If a missed trigger occurs in a casual game it can be handled in a variety of ways and it depends upon the circumstances and rules level of the group to determine that.  Surprisingly, it works the same way in tournament rules since the actual enforcement and application of penalties depends upon several vague factors:

  • Is this FNM, a PTQ, or day 2 at a GP?
  • What was the player's intent?
  • What was the opposing player's intent?
  • How have these situations been handled previously?

Yes, there are things that will result in automatically receiving the highest penalty (disqualification from the event or DCI suspension) outright, but many of these are the same in the casual world (kicked out of the game or refusal to play games in the future): blatant cheating, violence and threats, and grievous social infractions.

When I spoke about the unknown environment of the tournament scene, I was referring to things outside the tournament rules.  Conceding when you are dead but your opponent gets in.  Taking proper notes and marking life total changes.  Working collectively with a group to improve your team's skill.Maintaining respect and dignity, for both you and fellow players.

These are things that must be explained, demonstrated, and shared with those rising in levels in competition.  The reasoning behind such practices and expectations may seem obvious, but you're likely already familiar with logic.  If you've never considered the implications, applications, and information from documenting life changes and causes it's going to be an eye-opening experience.

The culture of Magic is myriad and clarity on the essence thereof keeps from pushing people away from the game.  Alex's example oversimplifies the general guidelines of casual groups into established yet hidden rules.  Whether it's demanding “to play it out” when you're dead or throwing Strip Mine + Crucible of World into every deck, the boundaries of reason aren't being followed.

Strip Mine is restricted in Vintage, the format where the most explosive mana accelerators in the game still live.  Why would reusing it turn after turn seem like a good idea?

Which brings me to my second point from Alex: it IS a good idea.  Recurring Strip Mine will win games, which is why it's restricted in Vintage (along with Ancestral Recall, Time Walk, and other powerful goodies): it's too good.

Alex points out that a social contract can be about anything.  This is empirically true.  The problem is that Alex glossed over that I wasn't picking my definition of social contract at random: I was pulling my terms directly from the public face of EDH, Sheldon Menery:

I think that one of the points that Bennie struggled to make is that DBAD doesn't mean "don't prevent other people from playing the stuff they want," it's "don't prevent other people from playing." There's a subtle but significant difference.

Sheldon goes on, as I don't need to, in agreement with Alex that social contracts are messy and sometimes a little unclear or idiosyncratic.  However, they aren't lacking for definition.  To claim that social contracts are vague is doing a disservice to the extremely orderly and consistently uniform social structure of the Japanese.

While I'll admit that pointing to the Japanese is a bit unfair but my point is that a high degree of consistency is possible with concerted social buy-in and effort.  But, as Alex points out:

The problem with this is that it means that someone who is in a position to dramatically outperform you - say by being a more experienced player, or simply owning more cards - has to then choose to suck by some ill-defined amount to give you that experience.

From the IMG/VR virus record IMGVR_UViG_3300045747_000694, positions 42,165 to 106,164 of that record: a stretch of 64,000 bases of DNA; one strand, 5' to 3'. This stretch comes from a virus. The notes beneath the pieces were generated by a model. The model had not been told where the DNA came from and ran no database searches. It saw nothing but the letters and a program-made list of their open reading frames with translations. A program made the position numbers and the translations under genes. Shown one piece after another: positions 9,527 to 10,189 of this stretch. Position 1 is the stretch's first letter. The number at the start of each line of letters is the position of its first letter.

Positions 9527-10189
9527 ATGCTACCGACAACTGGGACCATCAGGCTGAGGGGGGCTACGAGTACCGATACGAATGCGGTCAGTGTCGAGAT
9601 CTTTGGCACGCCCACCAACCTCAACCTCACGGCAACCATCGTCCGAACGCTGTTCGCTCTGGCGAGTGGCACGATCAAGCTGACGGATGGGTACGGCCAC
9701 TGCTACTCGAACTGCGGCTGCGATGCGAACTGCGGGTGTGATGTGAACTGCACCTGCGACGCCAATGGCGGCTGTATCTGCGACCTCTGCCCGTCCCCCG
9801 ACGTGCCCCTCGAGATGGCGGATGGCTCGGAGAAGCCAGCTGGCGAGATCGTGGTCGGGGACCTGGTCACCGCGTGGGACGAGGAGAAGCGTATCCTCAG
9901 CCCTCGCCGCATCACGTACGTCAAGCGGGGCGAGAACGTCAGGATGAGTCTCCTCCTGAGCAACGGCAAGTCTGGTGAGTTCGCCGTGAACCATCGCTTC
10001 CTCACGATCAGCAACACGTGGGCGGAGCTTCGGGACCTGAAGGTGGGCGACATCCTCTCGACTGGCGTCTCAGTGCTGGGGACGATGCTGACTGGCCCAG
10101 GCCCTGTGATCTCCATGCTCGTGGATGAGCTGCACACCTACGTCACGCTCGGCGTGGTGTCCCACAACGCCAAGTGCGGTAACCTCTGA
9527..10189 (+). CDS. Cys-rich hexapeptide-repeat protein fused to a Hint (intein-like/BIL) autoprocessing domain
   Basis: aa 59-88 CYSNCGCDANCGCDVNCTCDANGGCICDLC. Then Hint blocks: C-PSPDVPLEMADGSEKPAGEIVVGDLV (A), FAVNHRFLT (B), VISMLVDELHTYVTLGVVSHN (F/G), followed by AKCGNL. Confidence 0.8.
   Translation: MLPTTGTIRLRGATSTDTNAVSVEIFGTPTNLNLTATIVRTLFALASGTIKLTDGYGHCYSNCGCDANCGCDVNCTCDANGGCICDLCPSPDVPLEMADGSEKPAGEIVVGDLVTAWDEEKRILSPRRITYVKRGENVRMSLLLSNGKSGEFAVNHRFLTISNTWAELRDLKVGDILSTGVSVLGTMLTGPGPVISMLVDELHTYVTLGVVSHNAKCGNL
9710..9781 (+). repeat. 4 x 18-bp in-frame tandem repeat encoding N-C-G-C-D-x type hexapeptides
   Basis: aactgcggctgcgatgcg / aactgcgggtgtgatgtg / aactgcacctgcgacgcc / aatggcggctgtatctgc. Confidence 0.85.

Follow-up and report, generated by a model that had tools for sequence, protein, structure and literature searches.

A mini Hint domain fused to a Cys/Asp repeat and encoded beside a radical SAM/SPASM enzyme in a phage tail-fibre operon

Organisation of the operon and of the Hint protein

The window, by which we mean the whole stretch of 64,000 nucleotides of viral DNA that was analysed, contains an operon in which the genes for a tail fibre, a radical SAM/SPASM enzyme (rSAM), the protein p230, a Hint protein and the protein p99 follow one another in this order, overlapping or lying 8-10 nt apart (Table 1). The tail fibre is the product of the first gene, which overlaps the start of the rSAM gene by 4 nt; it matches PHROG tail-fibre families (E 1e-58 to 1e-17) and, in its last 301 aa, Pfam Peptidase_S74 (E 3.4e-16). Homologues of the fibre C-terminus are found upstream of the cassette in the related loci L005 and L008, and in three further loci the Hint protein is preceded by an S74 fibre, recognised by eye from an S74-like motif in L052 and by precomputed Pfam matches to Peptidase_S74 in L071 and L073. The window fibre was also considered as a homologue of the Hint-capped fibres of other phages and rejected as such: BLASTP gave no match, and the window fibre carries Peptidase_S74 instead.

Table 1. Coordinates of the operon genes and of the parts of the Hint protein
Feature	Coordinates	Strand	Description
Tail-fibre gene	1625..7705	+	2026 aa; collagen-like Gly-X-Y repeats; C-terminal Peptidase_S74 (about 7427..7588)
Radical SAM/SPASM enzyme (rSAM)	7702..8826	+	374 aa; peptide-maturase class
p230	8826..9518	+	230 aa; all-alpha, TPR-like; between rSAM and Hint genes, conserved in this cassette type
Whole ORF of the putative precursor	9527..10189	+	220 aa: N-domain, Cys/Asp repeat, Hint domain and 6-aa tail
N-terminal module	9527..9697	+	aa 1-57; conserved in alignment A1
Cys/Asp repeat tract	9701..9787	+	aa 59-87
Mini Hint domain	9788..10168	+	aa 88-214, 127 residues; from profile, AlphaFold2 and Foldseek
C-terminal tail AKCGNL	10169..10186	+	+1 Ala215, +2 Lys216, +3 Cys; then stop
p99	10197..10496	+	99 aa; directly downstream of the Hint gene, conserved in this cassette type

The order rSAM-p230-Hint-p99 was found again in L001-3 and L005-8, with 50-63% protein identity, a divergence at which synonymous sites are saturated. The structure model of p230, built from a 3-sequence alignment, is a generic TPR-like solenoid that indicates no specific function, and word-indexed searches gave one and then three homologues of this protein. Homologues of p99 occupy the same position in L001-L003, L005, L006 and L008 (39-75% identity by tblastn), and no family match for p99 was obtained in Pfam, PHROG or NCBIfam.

I own a lot of cards.  I have a slowly growing, but well-formed, pool of Magic playing experience.  My best friend, and fellow Magic player, has neither.  Magic is about as casual as it gets for him, aside from some modestly successful forays into drafting at an occasional FNM.  My EDH decks are often unintentionally a notch above his: dual lands, card access, and experience cause this.  It's unavoidable.

So while we will get our EDH and bring out our big guns I love the same structures Alex does: cube draft and Limited in general is often much more stable, leveling the inherent, unavoidable differences we have a players.  It helps my cube is a total riot to play.

And that's where my ultimate point lies.  Aside from a simultaneous push from every level and player of Magic organizing consistency for every group to have the same social contract, the real means for change is from individual players being introspective.  I used to advocate “playing down” but I know understand the problem: it's basically telling a Spike to not be Spike.  Asking other players to change is an exercise in futile social discourse (and can cause a difference of views to become something much more raw and polarizing that it ever should be).

But by changing your own perspective, rethinking your approach, and finding the solutions that bridge the gaps between the individual differences in players, you'll move closer to the best Magic you'll ever have the chance to play.

And, yes, my buddy has stomped the daylights out of me in Limited.  Sometimes it's the Inferno Titan he got to pick up in color, other times it's me misreading and incorrectly building my deck.  But it makes me happy when I know that, from time to time, my “best” hits a ceiling that isn't always higher than someone else's.  Losing sucks – for sure – but looking for the highlights elsewhere, including the smile sof your friends, isn't so dissimilar from trying to understand “What went wrong?” as you're making the most of things.

I'm a Social Timmy – and if you're a Spike let me tell you that it's a completely different world down here under the ceiling.  It's worth the trip down to places there it's naturally lower.

At least think about it – and make your own choice.